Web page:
At Bronte Precision, CNC machining is at the heart of what we do as a company. In manufacturing terms however, these computer-controlled machines are a relatively recent development having begun to replace manual machines in the last 20-30 years. So, what are the differences and is there a place for both in the modern-day workshop?
Requiring constant supervision and adjusting by skilled operatives, manual machines have been the mainstay of machines shops for hundreds of years. The use of handwheels, levers and foot pedals allow workpieces to be manipulated in relation to mounted cutting tools which in turn remove excess material to generate the desired modifications.
The newer CNC machines eliminate the need for constant supervision and operation by using computer programs. Often, cutting tools are mounted on moveable turrets which are programmed to move in a set manner to shape the workpiece as required.
One of the main benefits to using computer programs when manufacturing is the ability to produce the same component consistently time and time again as the removal of human error means that the discrepancy between repeated parts is kept to a minimum. This consistency can help machine shops save time and money by reducing waste.
The use of CNC machines also means that products can be manufactured to extremely tight tolerances due to the ability to make highly accurate alterations to workpieces. Multiple actions can also be programmed which in turn allows complex components to be machined quicker than they would be on a manual machine.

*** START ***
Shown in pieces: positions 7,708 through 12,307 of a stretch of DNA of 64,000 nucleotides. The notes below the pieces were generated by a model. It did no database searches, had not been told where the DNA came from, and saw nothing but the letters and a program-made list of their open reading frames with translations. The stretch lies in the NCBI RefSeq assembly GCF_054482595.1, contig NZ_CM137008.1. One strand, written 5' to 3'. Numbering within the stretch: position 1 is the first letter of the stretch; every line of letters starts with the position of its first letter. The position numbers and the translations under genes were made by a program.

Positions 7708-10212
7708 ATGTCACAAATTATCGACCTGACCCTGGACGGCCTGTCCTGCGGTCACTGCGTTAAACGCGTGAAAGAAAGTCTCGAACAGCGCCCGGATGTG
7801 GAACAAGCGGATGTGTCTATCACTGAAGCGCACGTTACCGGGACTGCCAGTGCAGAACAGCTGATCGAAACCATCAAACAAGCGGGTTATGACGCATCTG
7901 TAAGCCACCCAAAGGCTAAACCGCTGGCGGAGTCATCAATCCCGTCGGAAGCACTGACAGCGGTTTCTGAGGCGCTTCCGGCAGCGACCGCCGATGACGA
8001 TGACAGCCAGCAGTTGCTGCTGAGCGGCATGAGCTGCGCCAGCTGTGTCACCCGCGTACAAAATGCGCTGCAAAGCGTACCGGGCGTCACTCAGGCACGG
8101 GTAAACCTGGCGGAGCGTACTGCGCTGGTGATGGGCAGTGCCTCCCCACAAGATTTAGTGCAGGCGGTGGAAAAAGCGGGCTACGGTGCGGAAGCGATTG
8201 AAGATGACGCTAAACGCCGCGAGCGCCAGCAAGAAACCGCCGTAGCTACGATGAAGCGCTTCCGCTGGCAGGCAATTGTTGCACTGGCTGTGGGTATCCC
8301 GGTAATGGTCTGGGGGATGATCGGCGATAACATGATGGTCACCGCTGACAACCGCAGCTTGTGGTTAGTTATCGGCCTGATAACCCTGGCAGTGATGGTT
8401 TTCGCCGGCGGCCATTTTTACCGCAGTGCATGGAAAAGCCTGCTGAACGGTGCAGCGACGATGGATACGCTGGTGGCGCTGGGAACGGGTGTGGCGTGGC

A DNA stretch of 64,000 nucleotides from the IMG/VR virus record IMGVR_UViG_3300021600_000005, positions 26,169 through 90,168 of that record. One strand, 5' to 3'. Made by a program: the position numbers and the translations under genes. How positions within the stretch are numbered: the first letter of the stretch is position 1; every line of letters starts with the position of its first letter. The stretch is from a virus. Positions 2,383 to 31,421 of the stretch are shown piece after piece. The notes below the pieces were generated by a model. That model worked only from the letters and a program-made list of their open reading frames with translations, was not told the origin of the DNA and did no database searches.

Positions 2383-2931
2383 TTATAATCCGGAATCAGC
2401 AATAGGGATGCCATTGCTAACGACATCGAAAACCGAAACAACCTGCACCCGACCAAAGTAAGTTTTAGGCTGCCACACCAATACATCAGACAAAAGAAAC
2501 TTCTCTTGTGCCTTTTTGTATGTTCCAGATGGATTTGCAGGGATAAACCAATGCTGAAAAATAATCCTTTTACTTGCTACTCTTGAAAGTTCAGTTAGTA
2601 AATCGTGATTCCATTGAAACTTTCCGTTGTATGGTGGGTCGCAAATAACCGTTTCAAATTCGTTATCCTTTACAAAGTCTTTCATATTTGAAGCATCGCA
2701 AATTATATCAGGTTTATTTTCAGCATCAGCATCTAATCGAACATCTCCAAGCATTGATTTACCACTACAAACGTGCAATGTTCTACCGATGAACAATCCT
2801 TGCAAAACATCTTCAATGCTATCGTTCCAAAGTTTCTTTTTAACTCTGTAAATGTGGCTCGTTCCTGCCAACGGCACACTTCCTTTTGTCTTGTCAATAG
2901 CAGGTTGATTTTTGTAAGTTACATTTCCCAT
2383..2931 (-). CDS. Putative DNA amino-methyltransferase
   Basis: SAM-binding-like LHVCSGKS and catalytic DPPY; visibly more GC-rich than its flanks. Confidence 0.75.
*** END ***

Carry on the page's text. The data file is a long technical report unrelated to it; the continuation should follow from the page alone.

Many machine shops benefit from reduced labour costs when using CNC machines as setters and operators may be tasked with managing multiple machines. This is made possible because there is no requirement to consistently operate CNC machines once they have been programmed and set running.
The above benefits have resulted in CNC machines replacing their manual counterparts in machine shops across the globe, but many workshops have not replaced them entirely due to their effectiveness in specific scenarios.
For example, manual machines are often utilised alongside CNC machines when smaller batches of simple components are required. It can often be quicker to produce simple components on manual machines instead of spending time programming CNC machines that might be better suited to producing larger batches of complex components.
Bronte Precision Engineering has the staff and expertise necessary to operate both CNC and manual machines effectively and our facility in Bradford, West Yorkshire is equipped with both types of machine. If you require precision engineering services such as milling, turning or gear cutting and would like to enquire about our current availability, please contact us on 01274 698 900 or send your RFQ to email@example.com